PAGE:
Frequency of preoperative stress testing declined annually from 2006 to 2017 in TKA, THA patients
TUESDAY, Oct. 6, 2020 (HealthDay News) — From 2006 to 2017, the frequency of preoperative stress testing declined annually among patients undergoing elective total hip or total knee arthroplasty, according to a study published online Sept. 30 in JAMA Cardiology.
Daniel S. Rubin, M.D., from the University of Chicago, and colleagues describe temporal trends and outcomes of preoperative cardiac stress testing from 2004 to 2017 in a cross-sectional study of patients undergoing elective total hip or total knee arthroplasty. Data were included for 801,396 elective total hip and total knee arthroplasty procedures.
The researchers found that during the study period, the overall rate of stress testing was 10.4 percent. From quarter (Q) 1 of 2004 to Q2 of 2006, the rate of stress tests increased 0.65 percent annually. At Q3 of 2006, a joinpoint was identified, when preoperative stress test use decreased by −0.71 percent annually. At Q4 of 2013, a second joinpoint was identified, when the decrease slowed to −0.40 percent annually. Overall, the rate of myocardial infarction and cardiac arrest was 0.24 percent. There was no difference in the rates of myocardial infarction and cardiac arrest in patients with at least one Revised Cardiac Risk Index condition who received a preoperative stress test and those who did not.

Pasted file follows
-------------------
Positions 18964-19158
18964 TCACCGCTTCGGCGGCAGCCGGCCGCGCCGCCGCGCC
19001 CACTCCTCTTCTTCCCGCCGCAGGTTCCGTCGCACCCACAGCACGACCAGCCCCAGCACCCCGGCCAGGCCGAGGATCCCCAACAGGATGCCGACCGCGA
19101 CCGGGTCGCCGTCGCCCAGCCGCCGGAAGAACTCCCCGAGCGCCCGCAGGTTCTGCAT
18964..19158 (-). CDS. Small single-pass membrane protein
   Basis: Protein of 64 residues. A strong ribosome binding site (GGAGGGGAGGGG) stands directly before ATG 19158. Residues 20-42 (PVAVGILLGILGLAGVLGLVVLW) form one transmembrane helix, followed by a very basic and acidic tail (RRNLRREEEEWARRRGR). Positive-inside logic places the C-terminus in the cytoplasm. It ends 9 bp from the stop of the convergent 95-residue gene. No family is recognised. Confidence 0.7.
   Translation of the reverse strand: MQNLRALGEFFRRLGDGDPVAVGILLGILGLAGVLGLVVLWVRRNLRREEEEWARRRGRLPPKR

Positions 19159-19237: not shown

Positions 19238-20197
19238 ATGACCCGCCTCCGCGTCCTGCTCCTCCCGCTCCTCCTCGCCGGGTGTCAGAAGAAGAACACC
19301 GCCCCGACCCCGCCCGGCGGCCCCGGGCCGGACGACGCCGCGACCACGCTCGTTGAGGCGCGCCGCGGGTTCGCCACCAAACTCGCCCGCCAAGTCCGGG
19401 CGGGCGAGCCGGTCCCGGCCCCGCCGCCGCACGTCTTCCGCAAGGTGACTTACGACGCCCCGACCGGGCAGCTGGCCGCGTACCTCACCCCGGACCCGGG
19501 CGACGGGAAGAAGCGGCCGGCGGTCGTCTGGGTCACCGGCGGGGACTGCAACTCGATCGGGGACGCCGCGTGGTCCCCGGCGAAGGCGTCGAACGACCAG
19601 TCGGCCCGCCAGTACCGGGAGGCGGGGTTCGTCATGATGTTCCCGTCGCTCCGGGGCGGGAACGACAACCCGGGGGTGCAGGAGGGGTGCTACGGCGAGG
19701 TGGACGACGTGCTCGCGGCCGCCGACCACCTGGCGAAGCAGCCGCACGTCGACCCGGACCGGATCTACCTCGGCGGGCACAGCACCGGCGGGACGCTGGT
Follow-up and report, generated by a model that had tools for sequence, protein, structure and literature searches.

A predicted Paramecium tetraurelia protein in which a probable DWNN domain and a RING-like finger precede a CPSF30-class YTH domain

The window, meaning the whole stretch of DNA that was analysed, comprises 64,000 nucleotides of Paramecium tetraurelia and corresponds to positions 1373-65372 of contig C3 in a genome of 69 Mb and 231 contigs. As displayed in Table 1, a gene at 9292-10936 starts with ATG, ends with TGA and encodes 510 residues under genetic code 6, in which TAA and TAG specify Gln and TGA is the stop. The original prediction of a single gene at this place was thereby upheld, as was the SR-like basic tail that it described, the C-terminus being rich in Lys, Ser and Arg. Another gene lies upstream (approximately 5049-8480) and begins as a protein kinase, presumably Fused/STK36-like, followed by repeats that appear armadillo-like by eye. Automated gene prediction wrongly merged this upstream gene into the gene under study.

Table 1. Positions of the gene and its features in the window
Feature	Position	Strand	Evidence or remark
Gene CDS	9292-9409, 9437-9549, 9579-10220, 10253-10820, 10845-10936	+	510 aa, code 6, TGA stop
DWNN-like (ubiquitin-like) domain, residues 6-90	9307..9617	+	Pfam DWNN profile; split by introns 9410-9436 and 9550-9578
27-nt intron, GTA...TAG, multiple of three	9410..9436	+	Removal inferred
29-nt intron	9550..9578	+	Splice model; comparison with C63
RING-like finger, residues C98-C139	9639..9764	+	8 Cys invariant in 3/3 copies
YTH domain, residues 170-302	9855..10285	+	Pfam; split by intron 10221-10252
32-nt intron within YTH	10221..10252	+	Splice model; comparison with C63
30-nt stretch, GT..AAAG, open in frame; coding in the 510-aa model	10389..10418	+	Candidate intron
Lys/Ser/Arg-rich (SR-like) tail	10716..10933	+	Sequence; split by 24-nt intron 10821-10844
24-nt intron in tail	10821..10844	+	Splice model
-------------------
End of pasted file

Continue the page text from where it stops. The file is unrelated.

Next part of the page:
“Stress testing is expensive,” Rubin said in a statement. “It can also delay the knee or hip replacement surgery and lead to other unnecessary tests that may not help a patient, overall.”
One author disclosed financial ties to the medical technology industry; a second author disclosed ties to the pharmaceutical industry.
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